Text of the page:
Fully Automated Kubernetes Cluster Deployment on Azure in Under 8 Minutes

In an earlier article, I had written about provisioning a virtual Kubernetes cluster using kubeadm. I use this method on a laptop with limited resources. This is good to a large extent but not good enough when I want to scale my experiments and learning. This is where I started looking at creating my Kubernetes lab on Azure. I needed something that could spin fast and without manual intervention. Given my interest in the Bicep language, I wrote a Bicep template to perform this deployment.

Shameless plug: If you are new to the Bicep language or know nothing about Bicep, look at my Azure Bicep - Zero to Hero book.

This article is not about how I used Bicep templates or the techniques [there are certainly a few lessons I learned] I followed in building the Bicep template. Instead, it is more about how to use this template and what you get when you deploy it. I am adding a bonus chapter to my Azure Bicep book to describe my techniques in this Bicep template.

Announcing K8sAzLab

As a part of this experiment to automate Kubernetes deployment on Azure, I created a set of Bicep modules and a Bicep template that uses these modules. This is available in my GitHub repo github.com/rchaganti/k8sazlab.

Here is how you use this template. First, start by cloning this repository.

git clone https://github.com/rchaganti/K8sAzLab.git

This repository contains a devcontainer definition you can use to start a container (assuming you have Docker Desktop installed) with the necessary tooling to build and deploy Bicep templates. This is my preferred way of development these days. If you do not have Docker Desktop or do not prefer devcontainers, you can install Bicep binary on the local machine to provision this template.

Before you deploy the template, the main.bicep template contains a few parameters that are needed for template deployment.

Parameter NameDescriptionDefault Value
locationLocation for all resources created using this templateresourceGroup().location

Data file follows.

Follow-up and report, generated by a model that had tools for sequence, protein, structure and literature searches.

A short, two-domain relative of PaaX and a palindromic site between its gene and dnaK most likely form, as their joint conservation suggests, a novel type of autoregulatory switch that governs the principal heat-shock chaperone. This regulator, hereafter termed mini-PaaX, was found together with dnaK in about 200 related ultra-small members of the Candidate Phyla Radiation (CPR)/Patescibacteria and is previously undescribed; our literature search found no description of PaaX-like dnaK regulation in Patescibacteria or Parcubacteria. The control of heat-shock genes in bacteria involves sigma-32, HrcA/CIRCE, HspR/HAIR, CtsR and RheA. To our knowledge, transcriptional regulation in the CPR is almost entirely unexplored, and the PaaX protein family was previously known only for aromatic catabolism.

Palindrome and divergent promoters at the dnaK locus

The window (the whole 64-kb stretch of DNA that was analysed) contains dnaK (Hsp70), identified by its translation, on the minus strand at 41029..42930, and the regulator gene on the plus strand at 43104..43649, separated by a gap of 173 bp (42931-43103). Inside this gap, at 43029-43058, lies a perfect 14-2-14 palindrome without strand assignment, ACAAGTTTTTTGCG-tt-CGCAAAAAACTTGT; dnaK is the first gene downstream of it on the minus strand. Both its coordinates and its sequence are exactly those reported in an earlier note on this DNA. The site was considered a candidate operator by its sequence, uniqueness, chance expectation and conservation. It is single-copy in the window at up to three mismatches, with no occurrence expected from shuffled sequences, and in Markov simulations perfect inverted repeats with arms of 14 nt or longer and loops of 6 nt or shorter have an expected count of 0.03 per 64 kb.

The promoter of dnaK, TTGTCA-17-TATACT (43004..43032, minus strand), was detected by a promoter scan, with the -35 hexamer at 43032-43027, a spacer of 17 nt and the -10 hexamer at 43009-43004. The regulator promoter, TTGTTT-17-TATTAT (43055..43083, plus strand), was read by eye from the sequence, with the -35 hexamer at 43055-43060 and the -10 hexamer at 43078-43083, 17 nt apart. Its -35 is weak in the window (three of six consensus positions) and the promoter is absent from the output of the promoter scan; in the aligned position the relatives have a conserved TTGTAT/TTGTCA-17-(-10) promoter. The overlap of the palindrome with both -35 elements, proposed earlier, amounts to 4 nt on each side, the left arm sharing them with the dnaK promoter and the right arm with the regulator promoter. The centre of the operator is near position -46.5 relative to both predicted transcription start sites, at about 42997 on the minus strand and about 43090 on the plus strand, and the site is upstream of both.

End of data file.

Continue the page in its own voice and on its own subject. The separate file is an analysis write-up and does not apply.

storageAccountNameSpecifies the name of the Azure Storage account
storageFileShareNameSpecifies the SMB share name for sharing files between nodestemp
numCPNumber of control plane VMs1
numWorkerNumber of worker VMs3
usernameUsername for the Linux VMubuntu
authenticationTypeType of authentication to use on the Virtual Machine. SSH key is recommendedpassword
passwordOrKeySSH Key or password for the Virtual Machine. SSH key is recommended
cniPluginCNI plugin to installcalico
cniCidrCNI Pod Network CIDR10.244.0.0/16

This is still a very early version of my work and gets you from nothing to a fully functional Kubernetes cluster with a single control plane node in under 8 minutes.

At the moment, this can only support a single control plane node. I have not added HA configuration yet and will do that in the coming days/weeks. For CNI, Calico is supported, and I plan to add Cilium support soon. The overall structure of the module enables extending the overall automation in an easy manner. A storage account and an SMB share are created to share the kubeadm join command between the control plane and worker nodes.

Here is how you provision the template using Azure CLI.

az deployment group create --template-file main.bicep \
              --parameters storageAccountName=someUniqueName \
              --resource-group k8s

The resource group that you specify in the above command must already exist. You will be prompted to enter a password / ssh key.

At the end of deployment, you will see the ssh commands to connect to each node in the cluster. You can query the deployment output using the following command.

vscode ➜ /workspaces/azk8slab $ az deployment group show -g k8s -n main --query properties.outputs
  "vmInfo": {
    "type": "Array",
    "value": [
        "connect": "ssh ubuntu@cplane1lmwuauibze44k.eastus.cloudapp.azure.com",
        "name": "cplane1"
        "connect": "ssh ubuntu@worker1lmwuauibze44k.eastus.cloudapp.azure.com",
        "name": "worker1"
        "connect": "ssh ubuntu@worker2lmwuauibze44k.eastus.cloudapp.azure.com",
        "name": "worker2"
        "connect": "ssh ubuntu@worker3lmwuauibze44k.eastus.cloudapp.azure.com",
        "name": "worker3"

You can connect to the control plane node as the user you specified (default is Ubuntu.) and verify if all nodes are in a ready state and if all control plane pods are running or not.

This is it for now. I spent most of my weekend validating this template and ensuring it is ready to be shared. Nothing is perfect, and I may have missed a few corner cases. If you run into any issues, you know the drill! Please add a [discussion thread](rchaganti/K8sAzLab · Discussions · GitHub) if you want to contribute or suggest ideas.

Ravikanth Chaganti
Written by

Ravikanth Chaganti

Ravikanth [Ravi] Chaganti is a cloud and cloud-native enthusiast and a technologist working on multi-cloud infrastructure management and orchestration. He is an automation fanatic and started his career working on VB Scripting.